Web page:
Two Specialized Markets for Michelob, Postwar
In this and parts following, I survey communities or places where Michelob was typically consumed from the 1950s until the mid-’70s, based on media ads and other sources. Before 1961, when the beer was first bottled, the market was generally upscale, ethnic, or what might be termed generic beer enthusiast.
Acerbic author and critic H.L. Mencken, the “Sage of Baltimore”, was an example of the last, although his German-American heritage likely played a role.
Without claiming to be comprehensive, these parts should give an idea where Michelob typically was consumed or sold, and the demographic intended by the marketing.
The two instances in this post are examples of a prewar Michelob demographic that continued well into the postwar period.
One of the first ads for Michelob out of the gate, in 1896, was in a Baltimore German newspaper, from Cafe Berlin on West Lafayette Street as we saw earlier.
64 years and numerous wars later, in August 1960, a beverage distributor in Rochester, New York advertised both Michelob and Budweiser in Rochester Abendpost, a German-language newspaper. The paper continued to publish until 1967.
To appreciate the context, a broader range of ads is shown. There is an appeal to a specific community, but otherwise at large. That is, there is no idea here of enticing a particular social-economic segment.
Budweiser and Michelob were vaunted for their premium image, at the time, and European heritage. These beers, especially all-malt draught Michelob, stood out from the American norm. A German ethnic community, still relatively close to its roots, might be expected to appreciate this.
Similar ads were placed by Lake Beverage Co. in the same paper until at least 1965.
Also in August (beer month), but in 1973, Try-it Distributing Co. placed an ad for Michelob, Budweiser, and Schmidt (from Philadelphia) in Deutscher Wochenspiegel, another German paper in Rochester – it is surprising how many there were.
We can assume similar advertisements appeared in other American media oriented to Germany or other Central European countries, regardless of publication language, in fact.
The Greek letter societies were strongholds of Michelob affection. Earlier in the series we saw an instance from 1911, and the general association continued after World War II. Consider this ad from Phi Sigma Kappa in February 1961, in The Concordiensis, a student newspaper in Schenectady, New York.
I include, again, other items from the same page to help appreciate the context, both as related to beer and not:
Phi Sigma Kappa had strong East Coast and Ivy League associations prior to further expansion in the country.
The ad is titled “Have a Blast”. A sub-text, among others, is beer blast, a staple university entertainment then, aka kegger. Michelob is the only beer mentioned in the box ad; readers who drank beer with some discrimination knew that said it all.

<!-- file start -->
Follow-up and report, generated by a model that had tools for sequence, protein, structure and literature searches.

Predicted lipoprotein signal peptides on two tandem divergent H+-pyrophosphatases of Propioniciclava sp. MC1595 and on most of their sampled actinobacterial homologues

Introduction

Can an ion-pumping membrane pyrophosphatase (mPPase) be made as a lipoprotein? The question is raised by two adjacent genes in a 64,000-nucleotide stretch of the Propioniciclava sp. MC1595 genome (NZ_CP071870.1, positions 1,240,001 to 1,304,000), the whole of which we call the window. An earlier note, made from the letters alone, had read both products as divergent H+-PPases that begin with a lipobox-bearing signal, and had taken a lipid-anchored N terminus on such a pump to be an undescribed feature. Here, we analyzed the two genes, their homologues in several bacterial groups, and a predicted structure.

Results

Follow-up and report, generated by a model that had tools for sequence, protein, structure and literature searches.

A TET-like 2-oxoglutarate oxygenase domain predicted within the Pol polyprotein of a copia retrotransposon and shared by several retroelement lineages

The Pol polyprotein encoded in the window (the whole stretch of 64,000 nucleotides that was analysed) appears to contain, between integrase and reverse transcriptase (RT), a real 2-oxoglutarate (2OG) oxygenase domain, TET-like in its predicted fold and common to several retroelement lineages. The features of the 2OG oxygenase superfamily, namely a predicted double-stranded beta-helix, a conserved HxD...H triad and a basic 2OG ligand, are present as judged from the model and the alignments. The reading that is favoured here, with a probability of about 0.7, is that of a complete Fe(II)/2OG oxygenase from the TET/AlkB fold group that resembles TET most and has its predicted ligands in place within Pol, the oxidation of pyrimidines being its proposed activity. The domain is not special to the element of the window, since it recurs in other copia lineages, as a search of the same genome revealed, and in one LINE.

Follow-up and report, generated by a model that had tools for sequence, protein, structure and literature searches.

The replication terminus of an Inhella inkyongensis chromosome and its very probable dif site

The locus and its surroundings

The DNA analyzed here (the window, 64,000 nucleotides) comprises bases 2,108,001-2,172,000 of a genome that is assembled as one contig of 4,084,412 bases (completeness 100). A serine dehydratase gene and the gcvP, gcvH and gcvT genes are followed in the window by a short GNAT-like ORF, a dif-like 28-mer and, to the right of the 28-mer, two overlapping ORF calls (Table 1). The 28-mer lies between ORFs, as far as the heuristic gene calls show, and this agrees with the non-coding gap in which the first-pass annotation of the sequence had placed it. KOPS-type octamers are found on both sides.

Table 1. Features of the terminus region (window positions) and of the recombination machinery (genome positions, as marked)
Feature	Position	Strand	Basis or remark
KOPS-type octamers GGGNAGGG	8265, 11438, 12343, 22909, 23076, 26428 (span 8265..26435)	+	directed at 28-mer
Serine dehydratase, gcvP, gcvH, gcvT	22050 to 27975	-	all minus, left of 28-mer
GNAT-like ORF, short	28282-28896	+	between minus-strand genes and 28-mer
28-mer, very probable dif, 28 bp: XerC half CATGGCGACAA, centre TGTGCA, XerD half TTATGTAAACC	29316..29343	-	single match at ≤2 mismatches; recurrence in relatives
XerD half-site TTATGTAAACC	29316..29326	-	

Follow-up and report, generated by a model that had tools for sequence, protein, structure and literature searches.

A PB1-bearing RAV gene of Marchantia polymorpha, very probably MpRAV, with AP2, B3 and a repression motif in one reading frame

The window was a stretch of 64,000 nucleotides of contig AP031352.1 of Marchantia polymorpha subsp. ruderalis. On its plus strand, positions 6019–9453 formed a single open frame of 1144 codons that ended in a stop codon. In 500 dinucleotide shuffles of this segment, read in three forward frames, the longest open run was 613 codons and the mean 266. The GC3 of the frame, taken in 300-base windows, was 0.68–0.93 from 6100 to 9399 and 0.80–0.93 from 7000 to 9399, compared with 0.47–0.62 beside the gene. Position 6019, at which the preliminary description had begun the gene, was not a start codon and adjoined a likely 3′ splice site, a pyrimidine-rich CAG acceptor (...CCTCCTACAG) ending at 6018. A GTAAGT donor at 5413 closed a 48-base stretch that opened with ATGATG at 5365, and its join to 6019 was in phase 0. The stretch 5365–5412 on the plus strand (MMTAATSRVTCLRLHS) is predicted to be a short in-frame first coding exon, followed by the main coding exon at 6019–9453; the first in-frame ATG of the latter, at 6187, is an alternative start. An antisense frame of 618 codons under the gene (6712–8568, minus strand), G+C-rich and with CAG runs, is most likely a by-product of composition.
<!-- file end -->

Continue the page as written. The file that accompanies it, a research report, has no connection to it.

A non-fraternity or Ivy League setting where Michelob featured was the student bar Wigwam in 1952, adjacent to The University of Illinois Urbana-Champaign.
The university was built on public land and is associated with two adjoining cities, Champaign and Urbana. The Wigwam Bar opened in ’52 with suppliers and contractors greeting the arrival in a full page spread in the college paper, Daily Illini.
These extracts show the beer advertisements.
New Jersey-based Champale was owned by brewery entrepreneur Louis Hertzberg, as I mentioned earlier. The bubbly light Champale was billed as a wine-like beverage, and preferable for some to the “brown October brew” – an odd phrase, perhaps a 19th century survival.
There wasn’t much brown October beer in America in the early Nuclear Age.* Given the context, maybe the copywriter simply combed old poetry for beer references.
Lowenbrau of Munich proudly offered both light and dark lager – clearly some Munich breweries ramped up sufficiently for export trade, only seven years after WW II.
The box ad in which Michelob appeared showed it in stellar company even apart Lowenbrau and Champale, whose upmarket image was inherent. There is Bass Ale, an old import favourite, another Munich beer of fame, Pschorr, our own O’Keefe Ale, Czech Pilsner, and more.
Milwaukee’s Blatz also appeared. Interestingly, as we saw earlier it was bracketed with Michelob on another occasion in Illinois, in a late (1919) pre-Prohibition ad. Perhaps the same distributor represented both breweries.
What is notable here, apart the specific context for Michelob, is the broad import range – in the rural Midwest, in 1952.
The college setting explains everything, as taken with the faculty it implied an international community, of people or at least interests, thus an extension of the usual national taste.
The same thing continued in later years as the import palette widened.
The onset of craft brewing, with its variety, continued the process further, as students were early proponents of craft beer. Geography and its appeal were less patent than in the days Heineken and Bass ruled, but still implicit in what craft beer was doing. And the aspect of taste adventure differed not at all.
As to the Wigwam, it endured into the 1960s, and even later under different incarnations. An alumni webpage of The University of Illinois explains the arc, and that urban redevelopment finally cleared the block.
Part VI follows.
Note: source of each image above is linked in the text. The first two were sourced from NYS Historical Newspapers. The last three, from Illinois Digital Newspaper Collections. All intellectual property therein belongs solely to the lawful owner, as applicable. Used for educational and research purposes. All feedback welcomed.
*Or very much of it in England, by then.